The president-elect of the United States is a fascist. We don’t live in a true fascist state yet, but I believe that Donald Trump and his cabinet will accelerate the decades-long creep of our government toward a fully authoritarian state. This breathtakingly vast nationalist turn, visible in every major nation-state, is to the right, but fascism isn’t constrained by ideology. Fascisms of the left have also murdered millions. As Alain de Botton wrote in the New York Times the day after the election: “…the default state of almost all nations is…authoritarianism, bullying, demagoguery, corruption, monopoly, racial segregation and state-sponsored aggression and murder.”
The world will continue to experience authoritarianism from the right and the left beyond the lifetime of my 10-month old nephew. The people will demand it. Technology will eliminate more and more jobs. Wealth will continue to concentrate in the hands of the well-educated while the poorly educated sink deeper into poverty. Former Treasury Secretary Lawrence Summers suggests that by 2050 one in three working-age men will be unemployed, and the World Economic Forum estimates that by 2020 five million current jobs will no longer exist. Place these estimates next to the fact that there are more than three hundred million guns in the hands of American citizens, and the pulse quickens.
In 1996 the philosopher Richard Rorty speculated about the fate of the United States during the 21st century in an essay titled Looking Backwards From the Year 2096. He writes:
Our nation’s leaders, in the last decade of the old century and the first of the new, seemed never to have thought that it might be dangerous to make automatic weapons freely and cheaply available to desperate men and women—people without hope—living next to the centres of transportation and communication. Those weapons burst into the streets in 2014, in the revolution that, leaving the cities in ruins and dislocating American economic life, plunged the country into the Second Great Depression.
But Rorty’s incredible faith in the Western ideals of equality, fraternity and liberty lets him imagine that in 2044, the American people begin to rebuild civil society, out of what he calls the Dark Years—a decades-long military dictatorship. I’m less optimistic, but whatever the future holds we can expect continuing populist tribalism, increased police militarization, swelling prisons and less freedom of expression. We should not be surprised when, in the years to come, grocery store shelves grow sparse and riot police open fire into unarmed crowds. We’ve crossed the Rubicon.
In the week since the election I’ve read several statements from artists and writers who vow to resist the kind of paranoid, violent society that is guaranteed to emerge under a fragile government led by a insecure, fascist clown. But even as they warn their fellow artists not to normalize our Pizza Hut Putin, they seem to hold on to an even more normalizing premise—that it’s Donald Trump, his administration and his racist supporters that we must resist.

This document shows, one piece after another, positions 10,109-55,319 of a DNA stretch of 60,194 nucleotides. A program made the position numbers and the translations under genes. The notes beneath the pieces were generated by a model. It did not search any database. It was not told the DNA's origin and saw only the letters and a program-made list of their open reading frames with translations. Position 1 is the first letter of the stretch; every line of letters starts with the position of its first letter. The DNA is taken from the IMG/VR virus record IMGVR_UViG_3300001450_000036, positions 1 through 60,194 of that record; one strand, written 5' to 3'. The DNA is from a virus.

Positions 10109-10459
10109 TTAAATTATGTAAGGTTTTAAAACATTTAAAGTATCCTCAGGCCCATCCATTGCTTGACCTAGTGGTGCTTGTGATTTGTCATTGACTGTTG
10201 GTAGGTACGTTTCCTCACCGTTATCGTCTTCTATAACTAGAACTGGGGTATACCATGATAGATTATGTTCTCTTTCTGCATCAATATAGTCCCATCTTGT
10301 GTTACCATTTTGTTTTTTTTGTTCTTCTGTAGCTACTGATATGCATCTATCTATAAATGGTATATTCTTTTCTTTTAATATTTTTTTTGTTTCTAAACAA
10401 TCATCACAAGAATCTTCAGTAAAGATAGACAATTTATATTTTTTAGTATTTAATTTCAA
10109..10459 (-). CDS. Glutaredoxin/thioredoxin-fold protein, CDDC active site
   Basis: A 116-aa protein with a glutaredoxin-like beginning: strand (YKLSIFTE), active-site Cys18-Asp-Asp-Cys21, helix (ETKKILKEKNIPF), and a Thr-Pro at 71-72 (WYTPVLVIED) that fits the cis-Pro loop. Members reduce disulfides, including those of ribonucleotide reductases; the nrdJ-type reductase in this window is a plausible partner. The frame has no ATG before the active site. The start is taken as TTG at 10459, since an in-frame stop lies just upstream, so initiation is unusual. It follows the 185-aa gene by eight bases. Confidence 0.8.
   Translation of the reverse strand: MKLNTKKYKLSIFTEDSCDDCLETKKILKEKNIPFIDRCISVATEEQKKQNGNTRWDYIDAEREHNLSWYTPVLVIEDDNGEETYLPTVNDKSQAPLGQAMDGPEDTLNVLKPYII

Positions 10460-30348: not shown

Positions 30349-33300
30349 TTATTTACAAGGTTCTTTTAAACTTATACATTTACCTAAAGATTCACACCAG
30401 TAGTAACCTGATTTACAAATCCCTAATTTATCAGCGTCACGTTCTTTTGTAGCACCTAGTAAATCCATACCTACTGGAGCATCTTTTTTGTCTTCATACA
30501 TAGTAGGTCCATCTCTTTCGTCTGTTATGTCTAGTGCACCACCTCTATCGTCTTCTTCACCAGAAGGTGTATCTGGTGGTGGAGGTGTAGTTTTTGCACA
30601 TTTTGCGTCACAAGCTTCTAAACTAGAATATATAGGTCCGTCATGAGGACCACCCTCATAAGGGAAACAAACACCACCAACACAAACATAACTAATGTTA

Like all ghouls, the fascist figure doesn’t just appear; we summon him. Lacking a true inner-self, and always deeply insecure, he represents nothing more or less than the narcissism, greed and violence of the society from which he’s allowed to emerge and take power. Any form of fascination with this figure’s often-comical persona strengthens him. Statements of admiration and disgust alike flatter fascist vanity. Attention is all that matters. We build him up in the form of a half-despised, half-envied celebrity, and then claim surprise and indignation when he turns on us, his creators. Donald Trump is not the enemy—we are.
If American artists are to carry on, they’ll have to learn to cope not only with the fear and deprivations of life under fascism—the struggle for basic goods and services—they will also have to develop a clear understanding of the self-imposed nature of this terror in which they find themselves. He’ll have to shed the self-righteousness that allows him to believe that he played no part in the disintegration of his society. And above all, he’ll have to take pleasure in the mean life that allows him to construct his narratives, because depression smothers creation.
Artists will continue to resist oppression by doing what they’ve always done; bearing witness to human experience. The job will still be to create beauty and knowledge out of ugliness and stupidity for no good reason—after all, none of the great works of art were able to prevent our society from degenerating into this sad idiocracy. Some artists will mock the terror and stupidity and create comedy, while others will empathize with the pain of those lost to misfortune, and create tragedy. The best among them will find a road between the masks. If there was never any real expectation of compensation for this calling, there will be even less in the years ahead. As long as art remains a helpless, inexplicable labor of love, there’s hope to rebuild on the ruins.
also by Michael Bise
- Benjamin Terry at Art League Houston - June 18th, 2017
- 'Modern Twist' at Asia Society - June 5th, 2017
- Is criticism dead yet? Does anyone care? - May 21st, 2017
- How Not to Teach Art: The Pedagogy Group - April 24th, 2017
- University of Houston Masters of Fine Arts Thesis Exhibition - April 12th, 2017